Things bubbled over the next day. Tzvi Yehezkeli, a local television journalist, the head of the Arab desk at Israeli News 13, was being interviewed on the radio. Yehezkeli is an outspoken critic of the strategy of restraint that Israel had been implementing with Hamas since it took over Gaza in 2007. Yehezkeli does not mince his words. Here is part of the transcript of his interview: “I think if we had allowed this generation [of soldiers] to really reach the leadership of the army, you wouldn't have seen this fighting, you would have seen it as a more serious assault. Why leave these buildings untouched? After all, they were captured during the ceasefire and the hostage deals… We know that Hamas doesn't care about anything, they are not in uniform, they are as civilians. What does Biden want? For more of us to be killed? I just don't understand it… Do you want [Hamas] to determine how we act? It's seeping in, there's nothing to be done, and the tactic you say ‘Let the soldiers enter the building, we won't bring down the house'... these are houses that only have terrorists in them, most of the citizens have left, so what's the problem? … I see us slowly falling into the Hamas trap. This is Sinwar's plan. We are an army of heroes, but we don't use our true power… Look at the IDF of the first two weeks [of the war] - bombing, communicating with the home front, suddenly we stop, what happened to us?... It's not just the US, it's also Europe. Hamas was waiting for this all along…”
A retort was soon to follow. Ben Caspit, a pundit on the opposite side of the political spectrum, spewed vitriol of his own with Yehezkeli as the target. And then a miracle happened. Israel, as a nation, suddenly stopped and remembered how we got into this imbroglio. We were a nation at war with each other. We were one step away from our own Civil War. Hamas leaders admit that this was one of the reasons that they attacked when they did. We were a country in disarray, and they believed that we were at the tipping point. But they were wrong. A common enemy, a common mission, and a common destiny have galvanized the Israeli population over the past seventy days. Nowadays, when people hear vitriol on the radio, they turn it off or switch to another channel. The same thing happened here. Cooler heads prevailed. The dead were buried, a full investigation was performed, and the IDF has made necessary changes to its strategy.
But the question still remains: Why did the IDF not take out the building? Why did they risk lives? These questions were addressed in detail in the weekend’s newspapers. Perhaps the best article I saw appeared in “Makor Rishon.” The article, written by Amir Rappaport, a local defense analyst, asked if the IDF decided against using air power in Sajaiya because it was afraid of the potential for collateral damage, and by doing so, endangered the lives of IDF soldiers. It asked if an aerial bombardment would have changed the course of the events in Sajaiya that day. The answer, claims Rappaport, is “complex.” The capability today to soften an area in northern Gaza with aerial bombardment or artillery is essentially unlimited. All non-combatants have been moved to southern Gaza, such that the only people remaining in northern Gaza are terrorists or terrorist sympathizers. COL Yaniv Barrot, the CO of the Kfir Brigade said in an interview on Friday that “anything that moves” in northern Gaza gets shot at, no questions asked. But even with infinite softening, it is impossible to clear out pockets of enemy soldiers without “boots on the ground.” Without reaching the openings to the tunnels, the terrorists and their rockets will remain safe inside, fifty feet underground. Air support is always ready if called by the soldiers, but cases of air support inadvertently killing soldiers on the ground are not as rare as we would like them to be. At the end of the day, there is no substitute for the foot soldier.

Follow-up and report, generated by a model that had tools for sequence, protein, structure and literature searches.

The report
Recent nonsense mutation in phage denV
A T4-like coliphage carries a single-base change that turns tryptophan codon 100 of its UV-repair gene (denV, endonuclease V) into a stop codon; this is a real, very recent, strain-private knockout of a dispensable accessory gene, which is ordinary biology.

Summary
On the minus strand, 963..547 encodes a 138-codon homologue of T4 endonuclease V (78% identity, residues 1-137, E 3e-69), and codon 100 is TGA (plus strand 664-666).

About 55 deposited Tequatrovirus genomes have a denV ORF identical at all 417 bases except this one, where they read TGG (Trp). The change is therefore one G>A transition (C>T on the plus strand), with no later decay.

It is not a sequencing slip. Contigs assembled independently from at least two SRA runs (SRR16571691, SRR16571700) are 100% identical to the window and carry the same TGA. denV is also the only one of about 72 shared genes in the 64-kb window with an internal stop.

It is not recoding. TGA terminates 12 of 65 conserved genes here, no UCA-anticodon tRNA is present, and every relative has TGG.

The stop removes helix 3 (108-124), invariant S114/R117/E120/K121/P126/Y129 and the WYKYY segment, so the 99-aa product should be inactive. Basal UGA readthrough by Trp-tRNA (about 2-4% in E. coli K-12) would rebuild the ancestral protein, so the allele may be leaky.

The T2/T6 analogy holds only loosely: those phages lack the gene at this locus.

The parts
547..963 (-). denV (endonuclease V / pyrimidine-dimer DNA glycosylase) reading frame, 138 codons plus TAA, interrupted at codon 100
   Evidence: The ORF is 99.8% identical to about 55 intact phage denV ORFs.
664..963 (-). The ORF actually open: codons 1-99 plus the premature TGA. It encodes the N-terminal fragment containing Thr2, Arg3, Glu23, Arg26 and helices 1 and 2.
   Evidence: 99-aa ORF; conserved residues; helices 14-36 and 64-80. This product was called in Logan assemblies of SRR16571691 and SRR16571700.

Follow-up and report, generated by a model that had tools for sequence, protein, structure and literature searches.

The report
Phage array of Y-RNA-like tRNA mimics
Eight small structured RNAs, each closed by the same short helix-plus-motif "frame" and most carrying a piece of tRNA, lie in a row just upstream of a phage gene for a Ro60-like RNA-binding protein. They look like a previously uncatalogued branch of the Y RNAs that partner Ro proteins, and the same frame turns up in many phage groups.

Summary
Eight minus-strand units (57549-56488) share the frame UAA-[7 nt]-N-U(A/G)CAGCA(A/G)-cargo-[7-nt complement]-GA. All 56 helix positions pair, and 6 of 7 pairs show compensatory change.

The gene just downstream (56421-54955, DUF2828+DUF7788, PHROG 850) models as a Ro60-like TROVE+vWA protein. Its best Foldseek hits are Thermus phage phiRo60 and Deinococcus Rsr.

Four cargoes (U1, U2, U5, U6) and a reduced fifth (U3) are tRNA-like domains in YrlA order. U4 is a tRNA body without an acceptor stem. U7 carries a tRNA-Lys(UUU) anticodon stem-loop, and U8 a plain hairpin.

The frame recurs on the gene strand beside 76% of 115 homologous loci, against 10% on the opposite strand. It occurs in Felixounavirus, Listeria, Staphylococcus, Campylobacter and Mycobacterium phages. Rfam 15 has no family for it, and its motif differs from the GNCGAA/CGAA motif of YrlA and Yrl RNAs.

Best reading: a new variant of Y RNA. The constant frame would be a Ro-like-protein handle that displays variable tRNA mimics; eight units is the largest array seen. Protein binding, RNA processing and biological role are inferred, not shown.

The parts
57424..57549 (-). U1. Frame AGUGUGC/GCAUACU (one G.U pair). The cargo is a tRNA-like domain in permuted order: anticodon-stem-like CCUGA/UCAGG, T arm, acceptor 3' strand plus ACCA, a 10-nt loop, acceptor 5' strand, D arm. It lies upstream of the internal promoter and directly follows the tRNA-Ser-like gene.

This is the painful truth. There is no happy ending to this tragedy. On Friday, three Israelis hostages who were kidnapped to Sajaiya and had managed to escape from their captors, “gave themselves up” to a team of Golani soldiers. They were shirtless to show that they were not carrying any bombs. They were carrying a white flag at the end of the broomstick. These gestures did not convince the Golani soldiers. Feeling their lives were threatened, they opened fire on the hostages, killing all of them. While the army immediately came out and stated, “This is not how we treat people who give themselves up,” one can only imagine the Golani soldier who has spent the past fifty days in hell, who just buried his CO, who is certain that behind every door lies a terrorist who wants only to murder him and his buddies.
There is no right and no wrong here, only pain. So much pain…